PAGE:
Internships: a necessary step

Set yourself up for success. Internships give you a leg up in today’s competitive job market.

Today’s job market is undeniably tough. Even entry-level positions require some sort of industry experience, and with so many recent graduates, employers can afford to be choosy.

Work experience, however, can be hard to get when you’re a full-time student. Between a hectic class schedule and a part-time job at the bookstore, working in the “real world” can seem like an unattainable goal. How do you get “real world” experience before you enter the real world?

Internships are the answer.

Internships are what fill the gap between college classes and a post-grad job. Interning gives students valuable experience in a professional environment. Skills learned in school, like time management, working under stress and meeting deadlines are tested in a real-world setting.

If you want to stand out as an intern, you have to work hard and prove yourself. Internships also teach you things you can’t learn in a classroom, like how to ace an interview and how to build a strong work ethic.

When you’re an intern, you have to roll with the punches, take every task thrown at you, and get it done with a smile. You have to be eager to go above and beyond to demonstrate the value you can bring to a company.

All this hard work pays off though, because internships open the door to a paid, full-time position. Employers want to know you’re a hard worker with a strong drive to succeed, and with an internship you give them a firsthand look at how you perform as an employee.

Forbes reports that 69 percent of large companies and 39 percent of small companies hired their interns on full-time. Internships.com reports that you have a 7 in 10 chance of being hired by the company you intern for. Interning gives you a measurable advantage when it comes to getting hired. Internships are proof that when it comes to landing a job it’s not what you know, it’s who you know.

Even if you do not get a job offer after your internship, you can still walk away with a beefed-up resume and a professional refer- ence or two. Most companies are more than happy to give you a letter of recommendation for your time.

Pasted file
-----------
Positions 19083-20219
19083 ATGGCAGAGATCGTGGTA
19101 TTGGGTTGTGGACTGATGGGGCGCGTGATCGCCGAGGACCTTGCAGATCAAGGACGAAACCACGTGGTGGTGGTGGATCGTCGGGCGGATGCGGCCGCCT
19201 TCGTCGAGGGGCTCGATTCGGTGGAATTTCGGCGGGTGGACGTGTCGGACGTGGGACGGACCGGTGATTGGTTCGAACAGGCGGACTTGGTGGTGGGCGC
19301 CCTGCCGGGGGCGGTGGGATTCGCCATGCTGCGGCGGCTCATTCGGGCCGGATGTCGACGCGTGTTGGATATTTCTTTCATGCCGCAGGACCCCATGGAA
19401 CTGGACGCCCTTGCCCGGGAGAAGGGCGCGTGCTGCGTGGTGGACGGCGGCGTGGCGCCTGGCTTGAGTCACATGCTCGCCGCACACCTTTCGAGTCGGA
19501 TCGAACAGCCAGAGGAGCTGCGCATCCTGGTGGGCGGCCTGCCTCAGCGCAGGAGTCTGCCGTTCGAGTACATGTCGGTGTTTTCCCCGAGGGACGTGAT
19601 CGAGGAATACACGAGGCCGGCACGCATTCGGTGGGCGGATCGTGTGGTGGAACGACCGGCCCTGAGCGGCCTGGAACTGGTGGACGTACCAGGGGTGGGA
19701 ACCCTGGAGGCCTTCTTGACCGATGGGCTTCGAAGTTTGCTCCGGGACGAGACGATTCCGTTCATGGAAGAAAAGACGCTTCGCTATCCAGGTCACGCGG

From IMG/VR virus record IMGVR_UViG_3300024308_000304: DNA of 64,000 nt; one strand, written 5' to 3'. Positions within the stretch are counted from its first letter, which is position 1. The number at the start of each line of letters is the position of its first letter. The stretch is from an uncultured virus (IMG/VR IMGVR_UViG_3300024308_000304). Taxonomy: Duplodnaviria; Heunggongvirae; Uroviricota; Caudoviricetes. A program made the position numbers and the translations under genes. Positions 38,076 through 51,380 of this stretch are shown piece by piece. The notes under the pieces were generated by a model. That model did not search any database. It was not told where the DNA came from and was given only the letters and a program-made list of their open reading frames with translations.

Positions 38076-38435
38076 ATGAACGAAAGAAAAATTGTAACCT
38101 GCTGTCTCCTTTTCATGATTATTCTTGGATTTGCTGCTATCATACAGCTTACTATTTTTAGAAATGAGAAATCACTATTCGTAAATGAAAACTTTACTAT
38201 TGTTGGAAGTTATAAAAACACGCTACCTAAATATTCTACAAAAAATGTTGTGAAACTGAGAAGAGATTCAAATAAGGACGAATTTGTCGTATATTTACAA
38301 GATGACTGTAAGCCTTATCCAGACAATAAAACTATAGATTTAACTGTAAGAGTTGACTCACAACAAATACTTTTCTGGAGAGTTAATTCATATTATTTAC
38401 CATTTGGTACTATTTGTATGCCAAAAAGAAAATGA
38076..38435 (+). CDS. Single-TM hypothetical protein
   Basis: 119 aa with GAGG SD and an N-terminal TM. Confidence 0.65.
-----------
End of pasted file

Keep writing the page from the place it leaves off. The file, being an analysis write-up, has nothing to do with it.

Interning also teaches you how to network and how to build business connections, skills that are crucial to any job. If the company you interned for isn’t hiring, they can direct you to someone who is — glowing recommendation and character reference included.

Some internships even offer college credit for your time with the company. While you won’t get a paycheck, you may be able to take a few classes off your schedule. Instead of taking a boring elective like pottery or basket weaving, you can spend a few days a week gaining valuable work experience and boosting your grade point average.

Want to test-drive your future career or figure out if a field of work is right for you? Internships let you try before you buy. Gauge the stress level and workload without the commitment. Internships are an inside look into a typical day at the office. They are snapshot of the 9-to-5 life that comes after graduation. At an internship you can decide what you want to do with your life, before you start the rest of your life.

Internships serve as a stepping-stone between college kid and full-fledged grown-up. Moving out, working full-time, and becoming a productive member of society is daunt- ing, especially if you’ve never worked more than a few shifts a week.

Having an internship or two under your belt makes the transition easier, since they give you industry experience.

You’ve been through the ringer, started at the bottom, and know the struggle of doing work for free. Now that you’ve graduated, you’re just happy to be bringing home a paycheck. You can leverage the lessons learned at your internship and anticipate some of the challenges of the job. Interning gives you a global perspective and helps make you a better employee.

Having an internship or two on your resume exemplifies your drive, dedication and work ethic. When it comes to landing a job, you have to set yourself apart from other applicants. Internships are what give you the skills and experience employers look for, they are what help you stand out.

Article by staff writer Erin Eskens.

Author: TELESCOPE STAFF

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